Linda Henman

Dr. Linda Henman is one of those rare experts who can say she’s a coach, consultant, speaker, and author. For more than 30 years, she has worked with Fortune 500 Companies and small businesses that want to think strategically, grow dramatically, promote intelligently, and compete successfully today and tomorrow. 

the ceo magazine, motivation,

In 2016, Wells Fargo fired more than 5,000 employees who learned the hard way that carrots don’t work—at least not in the long run. Decision-makers tied a substantial piece of these employees’ compensation to steep sales targets and made reaching them a condition of continued employment. They saw movement, if not true motivation. Even when launched with the best of intentions—which the leaders at Wells Fargo did not display—evidence shows that carrots-as-motivators ultimately fail. Incentives designed to spur workers to do their best can push them to engage in unethical behavior—to do their worst. 

the ceo magazine, business growth,

Each year I aspire to teach my clients lessons that will help them improve their personal and professional lives and their businesses. But what many of them probably don’t realize is that I simultaneously learn as I teach. And even though I’ve been consulting for more than thirty-five years, each year and each client has a new lesson to teach. Here are my top ten for 2016:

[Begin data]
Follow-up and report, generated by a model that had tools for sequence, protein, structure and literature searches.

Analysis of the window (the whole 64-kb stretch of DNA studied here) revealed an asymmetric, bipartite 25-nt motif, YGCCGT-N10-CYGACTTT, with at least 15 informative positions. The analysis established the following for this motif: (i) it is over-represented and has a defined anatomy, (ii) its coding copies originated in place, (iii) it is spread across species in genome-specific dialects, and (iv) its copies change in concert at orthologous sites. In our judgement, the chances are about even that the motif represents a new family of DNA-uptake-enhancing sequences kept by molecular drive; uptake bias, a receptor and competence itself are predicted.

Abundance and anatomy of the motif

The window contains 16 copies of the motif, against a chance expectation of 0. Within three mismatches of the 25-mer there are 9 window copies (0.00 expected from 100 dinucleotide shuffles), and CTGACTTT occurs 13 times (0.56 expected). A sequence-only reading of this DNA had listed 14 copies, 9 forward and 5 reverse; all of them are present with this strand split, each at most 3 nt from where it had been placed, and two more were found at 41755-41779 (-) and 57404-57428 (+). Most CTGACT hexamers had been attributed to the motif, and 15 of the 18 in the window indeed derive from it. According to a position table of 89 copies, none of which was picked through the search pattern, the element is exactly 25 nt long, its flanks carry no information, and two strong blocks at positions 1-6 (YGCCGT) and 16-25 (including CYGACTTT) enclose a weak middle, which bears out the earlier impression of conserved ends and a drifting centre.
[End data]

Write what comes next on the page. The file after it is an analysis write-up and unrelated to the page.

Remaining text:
the ceo magazine, strategy,

In Henry IV Part 1, Owen Glendover, the leader of the Welsh rebels joins the insurrection against King Henry. Glendower, a man steeped in the traditional lore of Wales, claims to command great magic. Therefore, mysterious and superstitious, he sometimes acts in response to prophecies and omens. In the play, Glendover boasts to Hotspur, “I can call the spirits from the vastly deep.” Hotspur deflates Gelendover with, “Why, so can I or so can any man; But will they come when you call them?”

the ceo magazine, leadership qualities,

Want to make your company a better place to work? Understanding the benefits of using humor appropriately is the first step, actualizing this knowledge the second. Here are some ways humor can help your organization become a place that the best people can do their best work—and have fun while they’re doing it:

the ceo magazine, business growth,

1. Get in front of buyers every week.

Buyers are the people who can tell you “yes,” the people who can sign the check without getting anyone else’s approval. Identify these people through Linkedin, referrals, vendors, subcontractors, and anyone else who can help you figure out where the next job lies. Each year, make a list of those people you’d like to meet—people who can buy what you’re selling. Then, devise a plan to get in front of them.

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